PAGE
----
At the airfield in the morning, Curt says goodbye to his parents, his sister Laurie, Steve, John and The Toad. As the plane takes off, Curt, gazing out of the window, sees the white Ford Thunderbird belonging to the mysterious blonde driving down a country road.

An on-screen epilogue reveals that

John is killed by a drunk driver in December 1964,

Toad is reported missing in action near An Lộc in December 1965,

Steve is an insurance agent in Modesto, California,

and

Curt is a writer living in Canada.

 

Richard Dreyfuss as Curt Henderson

Ron Howard as Steve Bolander

Paul Le Mat as John Milner

Charles Martin Smith as Terry “The Toad” Fields

Cindy Williams as Laurie Henderson

Candy Clark as Debbie Dunham

Mackenzie Phillips as Carol Morrison

Wolfman Jack as himself

Bo Hopkins as Joe Young

Manuel Padilla, Jr. as Carlos

Harrison Ford as Bob Falfa

Lynne Marie Stewart as Bobbie Tucker

Terry McGovern as Mr. Wolfe

Kathleen Quinlan as Peg

Scott Beach as Mr. Gordon

Susan Richardson as Judy

Kay Lenz as Jane

Joe Spano as Vic

Debralee Scott as Falfa’s Girl

Suzanne Somers as “The Blonde” in T-Bird

American Graffiti

 

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Befikre : great Indian movie


Befikre (English: Carefree) is a 2016 Indian Hindi-language romantic drama film written, directed, and produced by Aditya Chopra under his Yash Raj Films banner.

 

befikre

It features Ranveer Singh and Vaani Kapoor in the lead roles.  The film was shot over a period of 50 days in Paris and Mumbai.  It released worldwide on 9 December 2016.

 

The film’s songs has been composed by Vishal-Shekhar and produced by Mikey McCleary. Mikey McCleary also composed the background score of the movie.

Befikre is a story that celebrates being carefree in love. A quintessential Delhi boy Dharam (Ranveer Singh) comes to Paris for work in search of an adventure.

Just when he was about to embark on this journey of his life he bumps into a wild, free spirited, French born Indian girl Shyra (Vaani Kapoor).

A feisty romance ensues between the two in which both of their personalities- one being an equal match for the other are tested to the limit. Battling their ups and downs, both realize that love is a leap of faith that can only be taken by those who dare to love.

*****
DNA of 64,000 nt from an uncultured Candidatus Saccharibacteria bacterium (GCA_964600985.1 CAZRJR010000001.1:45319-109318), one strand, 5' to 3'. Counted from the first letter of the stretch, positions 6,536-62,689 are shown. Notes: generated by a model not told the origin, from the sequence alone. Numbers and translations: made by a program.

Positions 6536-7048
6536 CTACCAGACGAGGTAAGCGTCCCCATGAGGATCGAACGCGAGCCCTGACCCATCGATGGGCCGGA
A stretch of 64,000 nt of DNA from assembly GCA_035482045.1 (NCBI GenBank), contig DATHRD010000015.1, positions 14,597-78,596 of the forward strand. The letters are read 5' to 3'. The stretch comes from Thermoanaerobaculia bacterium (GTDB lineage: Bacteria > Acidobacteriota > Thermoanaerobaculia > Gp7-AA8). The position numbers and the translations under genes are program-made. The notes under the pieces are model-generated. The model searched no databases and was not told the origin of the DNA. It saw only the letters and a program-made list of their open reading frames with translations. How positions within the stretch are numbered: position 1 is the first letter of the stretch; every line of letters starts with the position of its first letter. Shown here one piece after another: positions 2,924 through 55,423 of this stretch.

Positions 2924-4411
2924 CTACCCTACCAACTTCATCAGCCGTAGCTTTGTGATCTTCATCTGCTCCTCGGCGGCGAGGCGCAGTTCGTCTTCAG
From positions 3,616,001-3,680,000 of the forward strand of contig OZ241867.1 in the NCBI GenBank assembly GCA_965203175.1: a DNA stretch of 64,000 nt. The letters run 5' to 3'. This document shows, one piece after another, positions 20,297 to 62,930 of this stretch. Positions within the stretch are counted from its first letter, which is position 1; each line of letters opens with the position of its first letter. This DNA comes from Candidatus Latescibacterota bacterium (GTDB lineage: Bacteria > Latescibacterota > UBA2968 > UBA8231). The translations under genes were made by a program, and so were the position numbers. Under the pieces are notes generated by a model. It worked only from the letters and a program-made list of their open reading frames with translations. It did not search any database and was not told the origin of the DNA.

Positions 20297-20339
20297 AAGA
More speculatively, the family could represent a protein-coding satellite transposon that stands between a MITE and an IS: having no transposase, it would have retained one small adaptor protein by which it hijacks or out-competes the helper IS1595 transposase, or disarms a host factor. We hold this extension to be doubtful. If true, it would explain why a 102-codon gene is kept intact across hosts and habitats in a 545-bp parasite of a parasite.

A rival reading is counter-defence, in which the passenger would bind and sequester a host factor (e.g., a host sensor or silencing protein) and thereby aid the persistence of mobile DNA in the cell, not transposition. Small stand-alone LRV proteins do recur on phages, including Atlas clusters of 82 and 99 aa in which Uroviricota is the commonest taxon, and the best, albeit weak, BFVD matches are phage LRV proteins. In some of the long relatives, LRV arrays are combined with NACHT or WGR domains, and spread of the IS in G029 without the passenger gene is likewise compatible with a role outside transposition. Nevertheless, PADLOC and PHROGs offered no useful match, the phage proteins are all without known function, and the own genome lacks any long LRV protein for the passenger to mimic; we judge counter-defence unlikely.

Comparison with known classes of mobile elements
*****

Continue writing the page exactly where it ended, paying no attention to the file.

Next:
Sources Wikipedia

 

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THE A TEAM & GEORGE PEPPARD


ARTICLE IN ENGLISH FIRST

ARTICLE IN FRENCH AFTER

The A-Team is an American action-adventure television series that ran from 1983 to 1987 about a fictitious former United States Army Special Forces unit whose members, after being court-martialed “for a crime they didn’t commit”, escaped from military prison and, while still on the run, worked as soldiers of fortune. A feature film based on the series was released by 20th Century Fox in June 2010.

 

THE A TEAM 1

 

The A-Team was created by writers and producers Stephen J. Cannell and Frank Lupo at the behest of Brandon Tartikoff, NBC’s Entertainment president. Cannell was fired from ABC in the early 1980s, after failing to produce a hit show for the network, and was hired by NBC;

His first project was The A-Team. Brandon Tartikoff pitched the series to Cannell as a combination of The Dirty Dozen, Mission Impossible, The Magnificent Seven, Mad Max and Hill Street Blues, with “Mr. T driving the car”.

The A-Team was not generally expected to become a hit, although Stephen J. Cannell has said that George Peppard suggested it would be a huge hit “before we ever turned on a camera”.

The show became very popular; the first regular episode, which aired after Super Bowl XVII on January 30, 1983, reached 26.4% of the television audience, placing fourth in the top 10 Nielsen-rated shows.

The A-Team was always portrayed as acting on the side of good and helping the oppressed. Cannell was known for having a particular skill at capitalizing on momentary cultural trends, such as the helicopters, machine guns, cartoonish violence, and joyful militarism of this series, which are now recognizable as trademarks of popular entertainment in the 1980s as seen in the TV shows Magnum, P.I. and Airwolf as well as the films Rambo: First Blood Part II and Top Gun.

The show remains prominent in popular culture for its cartoonish, over-the-top violence (in which people were seldom seriously hurt), formulaic episodes, its characters’ ability to form weaponry and vehicles out of old parts, and its distinctive theme tune.

The show boosted the career of Mr. T, who portrayed the character of B. A. Baracus, around whom the show was initially conceived.  Some of the show’s catchphrases, such as “I love it when a plan comes together”, “Hannibal’s on the jazz”, and “I ain’t gettin’ on no plane!” have also made their way onto T-shirts and other merchandise.